Its shaping up, but the contrast is a little flat and could use a little pop.

Step 2. Color Balance, Equalize, Add Contrast.

Color Corrected and Contrast added

Color Corrected and Contrast added

I also wanted to check the white balance and do a little touch up there. Using a simple white balance color adjustment and equalization, our image now has a little bit of pop.

This technique allowed me to remove just a touch of red cast in the original photo. Secondly, the histogram for the photo showed that there wasn’t any blacks in the photo. Its slightly over exposed (probably less than 1/3 stop). As part of the color correction step, the last step adjusts the black point which gives us richer shadows. Now the zipper is closer to black than grey and the other dark areas are richer.

That one step improved the photo considerably. But it still needs a little more contrast, so using the “Curves” Tool (CTRL-M or Apple-M) I applied a slight “S” curve to the combined RGB channel.

You could quit here and be very happy with the photo, but the frame is still pretty bright and following the advice of my first photography instructor, I chose to:

An S curve makes the shadows a bit darker and the lighter tones a bit lighter.

An S curve makes the shadows a bit darker and the lighter tones a bit lighter.

Step 3. Burn in the edges giving the photo a slight vignette.

Using a large brush soft brush (about the size of a quarter when the photo is at a “Fit to Screen” magnification) and the Burn tool set to “Mid-tones” and 12-14%, I gently went over the four corners, the edges working in towards the subject. Its easy to over do it, so I like a low percentage value so I can gradually add darker tones. If you mess up, use your undo to back up as needed.

Step 4. Selective Desaturation (optional)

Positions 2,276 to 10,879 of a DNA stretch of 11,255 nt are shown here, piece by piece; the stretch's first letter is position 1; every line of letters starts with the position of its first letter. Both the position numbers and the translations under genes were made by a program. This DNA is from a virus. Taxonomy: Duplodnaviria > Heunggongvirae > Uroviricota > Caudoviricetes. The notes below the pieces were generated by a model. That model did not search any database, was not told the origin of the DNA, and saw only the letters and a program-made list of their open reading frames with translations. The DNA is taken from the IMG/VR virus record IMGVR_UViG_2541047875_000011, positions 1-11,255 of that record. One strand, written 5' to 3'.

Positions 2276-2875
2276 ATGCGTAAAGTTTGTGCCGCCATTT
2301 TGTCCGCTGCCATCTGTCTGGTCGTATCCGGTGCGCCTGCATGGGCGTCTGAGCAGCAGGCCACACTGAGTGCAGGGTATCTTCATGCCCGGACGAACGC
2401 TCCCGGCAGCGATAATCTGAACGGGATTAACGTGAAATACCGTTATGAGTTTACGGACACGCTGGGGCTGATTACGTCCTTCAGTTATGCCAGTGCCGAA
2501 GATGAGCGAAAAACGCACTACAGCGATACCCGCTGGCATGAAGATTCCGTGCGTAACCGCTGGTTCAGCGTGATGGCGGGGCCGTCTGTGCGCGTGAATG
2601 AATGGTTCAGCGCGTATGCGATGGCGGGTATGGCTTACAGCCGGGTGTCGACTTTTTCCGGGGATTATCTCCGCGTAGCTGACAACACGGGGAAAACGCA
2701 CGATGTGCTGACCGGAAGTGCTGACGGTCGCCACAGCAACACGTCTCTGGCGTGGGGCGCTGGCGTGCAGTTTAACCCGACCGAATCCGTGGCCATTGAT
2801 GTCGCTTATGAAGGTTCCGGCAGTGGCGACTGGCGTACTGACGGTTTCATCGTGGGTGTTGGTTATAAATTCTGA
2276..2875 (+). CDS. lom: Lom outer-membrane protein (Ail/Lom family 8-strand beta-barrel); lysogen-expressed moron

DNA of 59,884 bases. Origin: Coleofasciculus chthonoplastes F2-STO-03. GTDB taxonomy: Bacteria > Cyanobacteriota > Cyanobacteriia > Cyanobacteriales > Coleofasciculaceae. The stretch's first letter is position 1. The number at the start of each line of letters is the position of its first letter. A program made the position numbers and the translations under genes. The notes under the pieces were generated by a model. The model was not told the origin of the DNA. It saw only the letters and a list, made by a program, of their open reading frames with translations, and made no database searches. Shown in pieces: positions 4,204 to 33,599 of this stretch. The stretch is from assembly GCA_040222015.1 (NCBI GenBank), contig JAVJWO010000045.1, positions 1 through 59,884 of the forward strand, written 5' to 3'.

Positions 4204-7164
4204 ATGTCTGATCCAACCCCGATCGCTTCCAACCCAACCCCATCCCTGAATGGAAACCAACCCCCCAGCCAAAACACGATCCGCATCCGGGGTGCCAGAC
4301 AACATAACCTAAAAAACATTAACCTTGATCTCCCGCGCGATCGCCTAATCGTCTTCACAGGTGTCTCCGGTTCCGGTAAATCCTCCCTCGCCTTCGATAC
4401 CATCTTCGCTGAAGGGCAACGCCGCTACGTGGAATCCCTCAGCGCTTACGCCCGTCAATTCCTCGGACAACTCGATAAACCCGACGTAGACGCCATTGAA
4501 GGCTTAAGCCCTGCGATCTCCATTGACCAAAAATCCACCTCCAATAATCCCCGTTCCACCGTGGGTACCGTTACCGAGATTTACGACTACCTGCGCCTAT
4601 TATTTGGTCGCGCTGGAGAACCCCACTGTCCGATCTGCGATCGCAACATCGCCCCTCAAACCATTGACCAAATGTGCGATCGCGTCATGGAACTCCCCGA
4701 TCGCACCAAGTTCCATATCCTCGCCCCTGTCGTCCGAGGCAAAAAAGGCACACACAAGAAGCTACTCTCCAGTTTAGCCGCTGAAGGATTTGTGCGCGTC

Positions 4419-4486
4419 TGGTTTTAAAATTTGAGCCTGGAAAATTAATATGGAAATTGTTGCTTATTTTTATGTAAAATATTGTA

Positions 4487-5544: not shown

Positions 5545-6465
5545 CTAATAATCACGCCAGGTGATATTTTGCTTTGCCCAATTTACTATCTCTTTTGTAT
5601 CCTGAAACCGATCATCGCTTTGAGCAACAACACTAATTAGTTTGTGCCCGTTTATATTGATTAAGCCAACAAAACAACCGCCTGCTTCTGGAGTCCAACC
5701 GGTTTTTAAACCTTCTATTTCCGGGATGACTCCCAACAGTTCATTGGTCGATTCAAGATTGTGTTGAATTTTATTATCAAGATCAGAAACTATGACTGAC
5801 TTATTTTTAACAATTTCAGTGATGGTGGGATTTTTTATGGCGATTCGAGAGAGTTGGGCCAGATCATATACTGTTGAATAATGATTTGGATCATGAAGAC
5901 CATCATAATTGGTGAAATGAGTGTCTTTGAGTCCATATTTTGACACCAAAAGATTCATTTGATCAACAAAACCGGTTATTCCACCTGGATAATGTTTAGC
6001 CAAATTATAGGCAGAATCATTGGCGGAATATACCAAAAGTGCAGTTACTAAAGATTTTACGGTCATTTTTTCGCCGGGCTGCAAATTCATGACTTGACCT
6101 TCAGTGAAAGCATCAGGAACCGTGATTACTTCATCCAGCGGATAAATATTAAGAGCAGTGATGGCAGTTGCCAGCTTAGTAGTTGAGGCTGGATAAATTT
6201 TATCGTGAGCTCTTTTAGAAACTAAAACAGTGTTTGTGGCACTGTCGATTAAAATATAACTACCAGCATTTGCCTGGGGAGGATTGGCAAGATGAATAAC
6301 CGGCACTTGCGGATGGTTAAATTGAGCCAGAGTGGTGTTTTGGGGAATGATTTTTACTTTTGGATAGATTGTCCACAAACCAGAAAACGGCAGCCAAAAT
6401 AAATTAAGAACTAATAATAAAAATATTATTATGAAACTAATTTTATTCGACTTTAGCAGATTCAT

This photo is about the kids expression. I could do various effects like Black and White, Urban Acid, Glow effects and so on. But I think anything would take away from the expression. About the only thing I would do is maybe continue to separate him from the background.

So far, I’ve applied my Curves and Layers using “Adjustment Layers”. Instead of changing the base image, we can apply these tools to their own layers. They do not increase the size of the file by much and you can come back later and change them if your taste changes. Adjustment Layers can also make use of masks.

A little vignetting with the Burn Tool

A little vignetting with the Burn Tool

If we think of layers as pieces of paper stacked on top of each other, the top sheet will hide the lower sheets. The only way to see the lower layers is to cut holes in the top layer. Thats what layer masks do, they allow you to make holes to let the lower levels show through.

I applied a Hue/Saturation Adjustment Layer on top of the background layer and set the saturation to -100 (Black and White). Then clicking on the white block in the middle of the layer palette for the Hue/Saturation layer, I used a large soft “Paint” brush with black as the color and painted the subject in. Of course I made mistakes, coloring outside the lines, so to speak. But by switching to a smaller brush and painting in white, I went back and painted over the mistakes. I continued using smaller and smaller brushes, switching between black and white until the child was in color, the rest of the photo was in black and white.